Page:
Is Your Fish Fake? Report Shows Rampant Global Seafood Fraud

Food and Agriculture

A 2017 study found that half of Los Angeles sushi was not what it claimed to be. d3sign / Getty Images

How can you tell that the fish on your plate is the real thing? You can’t — and that’s the problem.

A new report in The Guardian‘s “Seascape” series on the state of the world’s oceans surveyed 44 separate studies published since 2018, and found that almost 40 percent of 9,000 seafood products from restaurants, markets and fishmongers were mislabelled. According to Food & Wine, the report detailed how rampant seafood fraud has become on a global scale.

The U.S. and Canada had the highest rates of mislabeling followed by Europe, Eat This reported. Food & Wine also highlighted how seafood fraud is not a new issue: in 2017, a study found that half of Los Angeles sushi was not what it claimed to be, while a 2018 study revealed that more than 25 percent of supermarket fish in New York was mislabeled.

“And yet, despite government action and the promise of technical solutions like detectors and databases, it’s not getting better,” Food & Wine lamented.

The studies in the Seascape report used new DNA techniques and tests to ascertain exactly what was ending up on consumers’ plates. They found fish substitutions from the same family, such as low-grade tuna species, being sold as higher-valued species, such as bluefin. The lower-value, lower-quality substitutions point to fraud more than error, the report suggested.

There are “so many opportunities along the seafood supply chain” to falsely label low-value fish as high-value species, or farmed fish as wild,” Beth Lowell, deputy vice-president for U.S. campaigns at Oceana, told The Guardian. She noted that all the studies found mislabeling in the global seafood industry to be common and pervasive.

There were also substitutions for entirely different species, including Singaporean prawn balls that repeatedly tested negative for containing prawn DNA, and were instead made almost entirely of pork, Seafood Harvest reported. Other mixed seafood products turned out to be similarly mislabeled.

Among the most alarming substitutions were rare and endangered species being marketed otherwise. One study found that 70 percent of UK snapper instead consisted of 38 different species of fish, many of them critical reef-dwellers, The Guardian reported. This deceptive swapping is a problem for coral reefs that already suffer from overfishing of key fish species that eat algae and allow for a healthier ecosystem, The Guardian added.

The final mislabeling category that the Seascape report highlighted involves laundering illegally caught fish. Rashid Sumaila, a fisheries economist, explained to The Guardian how fish laundering is often linked to illegal, unreported and unregulated (IUU) fishing that threatens the sustainability of many fish stocks worldwide. Oceana‘s examples of IUU fishing include fishing without authorization, ignoring catch limits, operating in closed areas, targeting protected wildlife and fishing with prohibited gear. Then, too often, illegal and legal catches are commingled when they are processed aboard ships with little monitoring and less transparency. This makes it nearly impossible to trace what is and isn’t illegal, let alone what comprises a specific catch. The fraud continues with relative ease and a lot of profit, Sumaila told The Guardian.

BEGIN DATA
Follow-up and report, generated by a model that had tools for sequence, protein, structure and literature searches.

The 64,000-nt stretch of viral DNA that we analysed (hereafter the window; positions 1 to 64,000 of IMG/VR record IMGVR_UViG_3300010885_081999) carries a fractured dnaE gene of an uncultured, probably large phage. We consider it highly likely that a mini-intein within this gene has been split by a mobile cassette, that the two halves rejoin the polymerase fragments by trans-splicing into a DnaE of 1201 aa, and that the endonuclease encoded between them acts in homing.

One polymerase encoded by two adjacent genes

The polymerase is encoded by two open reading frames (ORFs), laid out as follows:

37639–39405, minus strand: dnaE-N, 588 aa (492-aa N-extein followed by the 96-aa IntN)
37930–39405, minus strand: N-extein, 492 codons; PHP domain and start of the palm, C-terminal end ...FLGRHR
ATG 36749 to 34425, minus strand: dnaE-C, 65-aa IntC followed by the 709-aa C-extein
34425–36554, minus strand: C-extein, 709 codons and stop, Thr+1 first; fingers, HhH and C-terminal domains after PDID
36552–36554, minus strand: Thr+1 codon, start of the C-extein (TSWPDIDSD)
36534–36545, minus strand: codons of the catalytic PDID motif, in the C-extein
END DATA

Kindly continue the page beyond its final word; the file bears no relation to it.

In a press statement urging President Biden to increase transparency and traceability in American seafood, Oceana called IUU fishing “one of the greatest threats to our oceans” and estimated that it costs the global seafood industry up to billion each year. In the U.S., up to 90 percent of fish consumed is imported, the statement noted. This non-transparent, foreign supply chain has allowed for a high degree of U.S. imports to come from IUU fishing, the statement claimed.

“IUU fishing is a low-risk, high-reward activity, especially on the high seas where a fragmented legal framework and lack of effective enforcement allow it to thrive,” Oceana said. The Guardian’s reporting also found the complex and opaque seafood supply chains to be highly vulnerable to mislabeling that is profitable and relatively easy to execute.

Lowell said in the Oceana statement, “Americans have a right to know more about the seafood they eat and should have confidence that their dollars are not supporting the pillaging of the oceans or human rights abuses at sea.” She concluded that, “All seafood sold in the U.S. should be safe, legally caught, responsibly sourced and honestly labeled. Until then, honest fishermen, seafood businesses, consumers and the oceans will pay the price.”

Still, some in the industry have hope. In another article by The Guardian, Organic Ocean Seafood in Vancouver, Canada, was singled out for its DNA testing. Dane Chauvel, the company’s co-founder, uses e-DNA testing to fight seafood fraud. Chauvel supplies many high-end restaurants with wild-caught salmon and other gourmet fish, and can prove that his fish supply is legitimate thanks to the world’s first random DNA testing program for authentication. This removes any lingering doubt about its origins for his top-end clients, Chauvel said. The test can even identify the origin river of a specific fish sample.

Generally, “The fishing industry is a mess,” Chauvel admitted to The Guardian. “It’s dysfunctional.” He urged others to follow his lead and voluntarily submit their products for testing and authentication. It would be even better if regulatory agencies followed suit, he added. Chauvel told The Guardian, “I hope using DNA testing becomes more commonplace in the industry. It’s been a great business advantage for us.”

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